It was incredibly eye opening to see how much time and detail went into the recording of a Horner score from the ethnic soloists, synth and percussion overdubs to the full orchestra session.  I was always amazed that he would record these epically long cues in single takes.  Amazed not only by the writing and his ability to make changes on the fly but by the skill of LA's finest musicians who would play each take perfectly.  I vividly remember watching him conduct the climactic cue of MIGHTY JOE YOUNG.  So many shifts of emotion, tempo and dynamics in that 10+ minute cue from the huge orchestra to Tony Hinnegan's delicate quena solo which was recorded right there in the room. Getting to watch it unfold live beneath the big screen was unforgettable.

After Horner won the Oscars for TITANIC I got to congratulate him at one of the sessions.  I'm sure I was the millionth person to do so but he thanked me with the same warmth and humility.  At some point after that I got to help deliver a writing table to his house.  I remember that the walls of one of the two large rooms that comprised his studio were lined with shelves covered with thousands of wooden toys.  I've never seen anything like it.  The other room, where we put the table, was filled with books, most notably full size leather bound copies (or most likely original sketches) of what I assume was every score he had written to that point.  I was practically salivating at the thought of going through and studying each of them.  In the corner of the first room was an unassuming little keyboard setup that didn't give the impression of being used very much.  It was clear by the massive stainless steel top writing table that we had delivered that he did and would continue to do his writing with a pencil and paper and save his synth work for the scoring stage.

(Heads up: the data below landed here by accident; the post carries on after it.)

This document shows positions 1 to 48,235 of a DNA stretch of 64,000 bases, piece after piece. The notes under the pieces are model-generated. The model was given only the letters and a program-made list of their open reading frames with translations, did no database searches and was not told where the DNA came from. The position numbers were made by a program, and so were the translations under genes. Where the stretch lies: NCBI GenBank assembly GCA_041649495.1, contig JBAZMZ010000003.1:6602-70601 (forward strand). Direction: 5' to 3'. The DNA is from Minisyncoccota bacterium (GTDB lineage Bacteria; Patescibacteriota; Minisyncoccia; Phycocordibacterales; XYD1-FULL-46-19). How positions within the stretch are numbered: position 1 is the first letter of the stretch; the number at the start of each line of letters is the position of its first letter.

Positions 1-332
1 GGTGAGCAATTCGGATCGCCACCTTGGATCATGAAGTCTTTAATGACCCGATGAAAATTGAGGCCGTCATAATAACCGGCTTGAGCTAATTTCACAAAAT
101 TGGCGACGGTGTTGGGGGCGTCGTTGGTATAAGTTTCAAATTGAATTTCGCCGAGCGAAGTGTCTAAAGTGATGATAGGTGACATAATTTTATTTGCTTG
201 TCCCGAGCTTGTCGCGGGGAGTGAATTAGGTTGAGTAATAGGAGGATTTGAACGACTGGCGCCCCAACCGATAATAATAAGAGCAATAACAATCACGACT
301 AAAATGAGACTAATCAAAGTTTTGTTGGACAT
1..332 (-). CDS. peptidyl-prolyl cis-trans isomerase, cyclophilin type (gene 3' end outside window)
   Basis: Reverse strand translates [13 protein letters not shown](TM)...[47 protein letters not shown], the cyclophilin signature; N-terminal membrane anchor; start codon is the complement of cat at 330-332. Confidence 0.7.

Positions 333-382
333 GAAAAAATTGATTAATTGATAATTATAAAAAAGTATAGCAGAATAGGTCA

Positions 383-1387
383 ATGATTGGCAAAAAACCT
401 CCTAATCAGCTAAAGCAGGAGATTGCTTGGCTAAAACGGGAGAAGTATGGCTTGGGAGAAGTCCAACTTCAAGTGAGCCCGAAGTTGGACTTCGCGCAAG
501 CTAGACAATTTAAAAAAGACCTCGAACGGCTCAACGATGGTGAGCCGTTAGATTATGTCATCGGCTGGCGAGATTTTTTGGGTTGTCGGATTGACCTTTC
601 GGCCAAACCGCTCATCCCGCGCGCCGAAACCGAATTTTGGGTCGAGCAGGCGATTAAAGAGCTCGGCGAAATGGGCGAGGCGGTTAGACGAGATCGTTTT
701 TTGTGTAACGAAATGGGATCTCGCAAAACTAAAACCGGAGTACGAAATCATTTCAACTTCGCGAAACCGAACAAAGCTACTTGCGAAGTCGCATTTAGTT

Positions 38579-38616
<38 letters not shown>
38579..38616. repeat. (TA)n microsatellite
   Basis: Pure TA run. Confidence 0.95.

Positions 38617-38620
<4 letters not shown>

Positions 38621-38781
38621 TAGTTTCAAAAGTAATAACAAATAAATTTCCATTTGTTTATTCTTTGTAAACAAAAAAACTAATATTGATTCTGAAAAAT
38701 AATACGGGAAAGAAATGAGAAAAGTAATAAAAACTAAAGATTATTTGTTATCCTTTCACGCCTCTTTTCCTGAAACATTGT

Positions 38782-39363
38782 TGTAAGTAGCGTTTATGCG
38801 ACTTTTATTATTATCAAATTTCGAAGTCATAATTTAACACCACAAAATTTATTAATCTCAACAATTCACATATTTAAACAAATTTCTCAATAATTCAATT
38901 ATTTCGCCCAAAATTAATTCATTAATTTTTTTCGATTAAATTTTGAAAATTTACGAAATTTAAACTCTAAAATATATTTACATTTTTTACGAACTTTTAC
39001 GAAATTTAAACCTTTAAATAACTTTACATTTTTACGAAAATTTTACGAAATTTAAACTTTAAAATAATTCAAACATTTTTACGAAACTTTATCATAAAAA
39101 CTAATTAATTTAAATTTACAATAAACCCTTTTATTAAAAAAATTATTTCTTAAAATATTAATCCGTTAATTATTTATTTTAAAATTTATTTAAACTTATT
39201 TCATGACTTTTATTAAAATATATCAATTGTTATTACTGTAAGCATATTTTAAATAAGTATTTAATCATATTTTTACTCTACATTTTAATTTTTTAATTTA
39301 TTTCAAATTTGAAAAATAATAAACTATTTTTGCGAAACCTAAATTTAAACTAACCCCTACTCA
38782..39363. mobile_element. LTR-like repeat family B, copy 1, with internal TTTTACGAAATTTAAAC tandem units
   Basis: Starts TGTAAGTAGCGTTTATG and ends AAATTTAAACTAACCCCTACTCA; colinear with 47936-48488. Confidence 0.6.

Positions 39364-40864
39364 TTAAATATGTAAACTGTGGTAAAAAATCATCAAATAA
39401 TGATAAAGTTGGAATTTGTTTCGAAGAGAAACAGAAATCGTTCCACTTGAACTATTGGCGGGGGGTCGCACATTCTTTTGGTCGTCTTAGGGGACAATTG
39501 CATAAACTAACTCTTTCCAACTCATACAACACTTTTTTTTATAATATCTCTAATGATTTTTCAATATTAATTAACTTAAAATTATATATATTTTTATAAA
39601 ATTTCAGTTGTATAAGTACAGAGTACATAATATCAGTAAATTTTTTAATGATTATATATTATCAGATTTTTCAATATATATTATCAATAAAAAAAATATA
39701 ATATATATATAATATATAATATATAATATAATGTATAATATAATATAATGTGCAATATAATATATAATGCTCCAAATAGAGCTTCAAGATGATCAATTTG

I continued to follow his music as I began my own composing career, often visiting his early sci-fi work while I was working with the late Joel Goldsmith on the Stargate series.  As Horner's music and dramatic sensibilities matured, so did mine, learning valuable lessons in subtlety and subtext from his work on A BEAUTIFUL MIND and the dramatic scores that followed.  Speaking of Joel, he was a big Horner fan himself and had supposedly even mixed one of his first films.  Joel knew I was a huge Horner fan and decided to bring him up to his father Jerry Goldsmith one time when we were at his house which led to a very interesting conversation about their supposed rivalry.  Jerry had mentored Horner early on and while there may have been some issues along the way, he couldn't deny his talent.  My friend Nick Vidar put it best when he said "Jerry didn't waste his time with no-talents".

12 or so years after I helped deliver that table to his house, I got to say hello to James Horner one last time at the Society of Composers and Lyricists Oscar reception where he was being honored for his score to AVATAR.  I was amazed that he not only remembered me but was as warm and gracious as he had ever been.  I told him again that he had inspired me to be a composer and had continued to be a huge influence on me over the years.  I'm grateful to have had that opportunity to tell him that and deeply saddened by knowing that it was the last time I would be able to do so.  It might have been his music that helped inspire me to be a composer, but it was getting to meet him and watch him at work that helped turn that dream into a real and tangible thing.  

Through their art and music those who have touched us with their creative gift live forever in our hearts and minds.  For all the joy and inspiration your music has brought us over the years, I thank you, Maestro and bid you a fond farewell.